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Cobravenom 03-15-2014 10:28 PM

Drilling a hole in stump to recess tuna can
I need some help. Need to recess a tuna can as perfectly as possible into a stump. Filling it with live mealworms for the bluebirds is the goal of this project. I've been told a hole saw will work but I'm not so sure that's going to accomplish what I have in mind. Would a Forstner bit be a better option? I just need something to attach to my drill that will cut this piece out!!

fotoburger 03-15-2014 11:44 PM

A forstner bit the size of a tuna can will cost you a pretty penny, plus will not handle safely without a drill press. You would be better of with a multitool from Harbor Freight (or Fein or Dremel or Bosch etc)and nailing or screwing the empty tuna can to the place you want and cutting around the can. After you have cut the circle, you can then cut straight lines inside the circle, and then with a screwdriver or chisel you can bend each row until it snaps, and then dig it out.

iminaquagmire 03-15-2014 11:52 PM

That big of a forstner bit wont be cheap. Neither will the holesaw which won't remove the core of wood from the stump. Forstner would be better but hard to find that big. Can't you just screw the can onto the stump?

dftc 03-16-2014 02:35 AM

I would probably draw the outline and then drill several smaller holes to the same depth to take out most of the material. Then just finish it up with a chisel.

You could consider a plunge router also, but you would need to spend time making (or money to buy) a circle cutting jig to get a good result. It might not even be worth the effort for a project like this.

A hole saw can get you the outline you want, but you would still have to remove the material in the middle.

As others have said, a forstner bit that big would cost way too much and it wouldn't work well outside of a drill press.

joecaption 03-16-2014 04:44 AM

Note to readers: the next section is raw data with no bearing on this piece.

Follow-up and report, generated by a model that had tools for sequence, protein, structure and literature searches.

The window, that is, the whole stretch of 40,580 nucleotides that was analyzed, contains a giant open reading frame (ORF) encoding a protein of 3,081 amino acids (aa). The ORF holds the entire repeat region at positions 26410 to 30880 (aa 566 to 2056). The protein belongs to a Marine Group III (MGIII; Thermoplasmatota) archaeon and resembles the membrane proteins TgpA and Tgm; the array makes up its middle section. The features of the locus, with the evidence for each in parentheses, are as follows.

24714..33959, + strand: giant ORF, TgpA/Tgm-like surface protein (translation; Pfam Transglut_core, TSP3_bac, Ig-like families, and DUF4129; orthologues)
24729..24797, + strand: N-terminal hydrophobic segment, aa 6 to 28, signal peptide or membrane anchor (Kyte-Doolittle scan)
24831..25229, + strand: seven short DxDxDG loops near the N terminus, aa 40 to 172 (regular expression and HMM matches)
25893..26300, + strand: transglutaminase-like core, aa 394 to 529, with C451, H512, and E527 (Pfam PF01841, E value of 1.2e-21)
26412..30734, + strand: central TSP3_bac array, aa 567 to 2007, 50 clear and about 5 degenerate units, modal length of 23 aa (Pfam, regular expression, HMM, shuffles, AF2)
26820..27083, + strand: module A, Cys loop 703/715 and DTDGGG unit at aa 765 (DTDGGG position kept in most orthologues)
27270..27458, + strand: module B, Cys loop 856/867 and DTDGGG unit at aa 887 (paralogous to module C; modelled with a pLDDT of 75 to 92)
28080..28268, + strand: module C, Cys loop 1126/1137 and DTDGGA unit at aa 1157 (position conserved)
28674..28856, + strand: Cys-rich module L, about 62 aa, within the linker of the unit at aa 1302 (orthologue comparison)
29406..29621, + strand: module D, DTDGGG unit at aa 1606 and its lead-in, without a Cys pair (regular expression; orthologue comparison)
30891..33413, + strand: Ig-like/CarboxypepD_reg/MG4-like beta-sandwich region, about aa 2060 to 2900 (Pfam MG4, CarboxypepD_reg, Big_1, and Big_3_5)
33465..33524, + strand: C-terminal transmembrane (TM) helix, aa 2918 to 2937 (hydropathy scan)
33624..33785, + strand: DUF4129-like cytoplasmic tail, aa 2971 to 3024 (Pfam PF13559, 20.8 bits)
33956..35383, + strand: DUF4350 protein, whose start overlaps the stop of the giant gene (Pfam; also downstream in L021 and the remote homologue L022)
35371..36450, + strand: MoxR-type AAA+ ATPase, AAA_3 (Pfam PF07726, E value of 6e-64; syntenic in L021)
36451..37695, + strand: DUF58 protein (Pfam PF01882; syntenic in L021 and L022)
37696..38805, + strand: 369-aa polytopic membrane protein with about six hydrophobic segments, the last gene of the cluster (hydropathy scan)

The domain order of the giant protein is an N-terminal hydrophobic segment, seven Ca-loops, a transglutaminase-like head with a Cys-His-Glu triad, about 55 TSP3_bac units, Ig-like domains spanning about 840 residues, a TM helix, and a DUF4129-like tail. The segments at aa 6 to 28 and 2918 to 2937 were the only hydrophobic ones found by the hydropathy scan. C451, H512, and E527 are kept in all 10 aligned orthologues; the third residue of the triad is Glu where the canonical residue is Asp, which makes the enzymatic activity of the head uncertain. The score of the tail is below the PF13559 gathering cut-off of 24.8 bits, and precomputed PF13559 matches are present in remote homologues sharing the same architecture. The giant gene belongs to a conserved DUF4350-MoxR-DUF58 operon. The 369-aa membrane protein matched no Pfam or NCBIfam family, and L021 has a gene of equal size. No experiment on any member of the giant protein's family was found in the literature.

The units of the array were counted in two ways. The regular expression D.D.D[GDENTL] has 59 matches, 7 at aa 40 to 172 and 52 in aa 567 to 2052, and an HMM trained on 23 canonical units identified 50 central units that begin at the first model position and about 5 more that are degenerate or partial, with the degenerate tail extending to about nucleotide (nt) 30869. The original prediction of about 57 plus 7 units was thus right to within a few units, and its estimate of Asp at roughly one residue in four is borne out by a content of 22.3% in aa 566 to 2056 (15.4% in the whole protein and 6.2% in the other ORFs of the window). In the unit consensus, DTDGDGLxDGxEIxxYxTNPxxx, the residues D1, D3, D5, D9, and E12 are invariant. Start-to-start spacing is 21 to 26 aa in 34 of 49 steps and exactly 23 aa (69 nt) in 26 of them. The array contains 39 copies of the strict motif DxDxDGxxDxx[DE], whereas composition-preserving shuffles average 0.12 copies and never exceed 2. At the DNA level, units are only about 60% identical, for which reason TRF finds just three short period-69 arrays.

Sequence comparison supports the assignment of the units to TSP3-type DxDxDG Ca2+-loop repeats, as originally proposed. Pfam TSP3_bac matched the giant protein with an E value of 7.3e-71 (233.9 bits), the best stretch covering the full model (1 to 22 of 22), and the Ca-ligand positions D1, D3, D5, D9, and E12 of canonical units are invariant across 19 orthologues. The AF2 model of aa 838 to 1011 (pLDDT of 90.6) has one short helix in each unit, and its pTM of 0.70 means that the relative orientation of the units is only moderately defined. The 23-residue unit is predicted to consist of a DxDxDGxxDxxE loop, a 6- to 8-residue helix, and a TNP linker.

And even if you did bore it out you would just end up with a rusty metal can that will fill up with water every time it rained.
May be better off with something plastic like the bottom of a 2 liter bottle or peanut butter jar, drill a couple holes in the side for drainage and screw it to the stump.

oh'mike 03-16-2014 06:20 AM

If you have a router, that could be done safely ---

make a round template the size of the hole---then use a straight cutting pattern bit with a top bearing---

tack the template to the stump---route out the center of the opening--then set the bearing against the template to finish off the cut----

Cobravenom 03-16-2014 08:16 AM

I'm a pro with carpet tools and a newbie with carpentry tools!
Sounds like the smaller holes and a chisel is my best bet! Ive never used anything outside of basic saws and bits. Screwing the can to the top of the stump will take away from the photos. I like to practice my iPhoneography! Lol

Thanks so much for your comments. Working on lattice and deck railing today. Figured while at Lowes if there's a tool to make things easier I could grab it.

kwikfishron 03-16-2014 08:39 AM


Originally Posted by Cobravenom (Post 1322648)
Figured while at Lowes if there's a tool to make things easier I could grab it.

Just pick up an inexpensive spade bit. It will remove quite a bit of material at a time, then finish it up with a sharp chisel.

IslandGuy 03-16-2014 09:13 AM

Take a chainsaw and slice 2 & 1/2 inches off the trunk. Take that slab and holesaw a tuna can sized hole right through it. Replace trunk slice. If you want to get anal chisel a drainage channel across the intact trunk, and leave a weep hole on the bottom of the can. I think cans are aluminum and won't rust.

JustinK 03-16-2014 10:48 AM

Soda/beer cans are aluminum. Food cans are tin. I would use a hole saw and chisel out the center will not be that hard and hole saws do not cost that much money. For under $10 with the arbor you can get this at Home depot

de-nagorg 03-16-2014 11:55 AM

I picked up a hole saw kit at one of those truck tool sales, for about $12.00, it has sizes from 1.5 inch up to 4.5 inch, just need to change the cup on the arbor to go bigger . that would work great for you. Then chisel out the concentric rings. And use something a bit less rust prone than a tuna can. Even a small Tupperware bowl would last much longer.


amakarevic 03-17-2014 04:39 PM


Originally Posted by Cobravenom (Post 1322571)
Need to recess a tuna can as perfectly as possible into a stump.

Just out of curiosity, why do you need to do that ?

kwikfishron 03-17-2014 06:05 PM


Originally Posted by amakarevic (Post 1323486)
Just out of curiosity, why do you need to do that ?

Read the next sentence. :)

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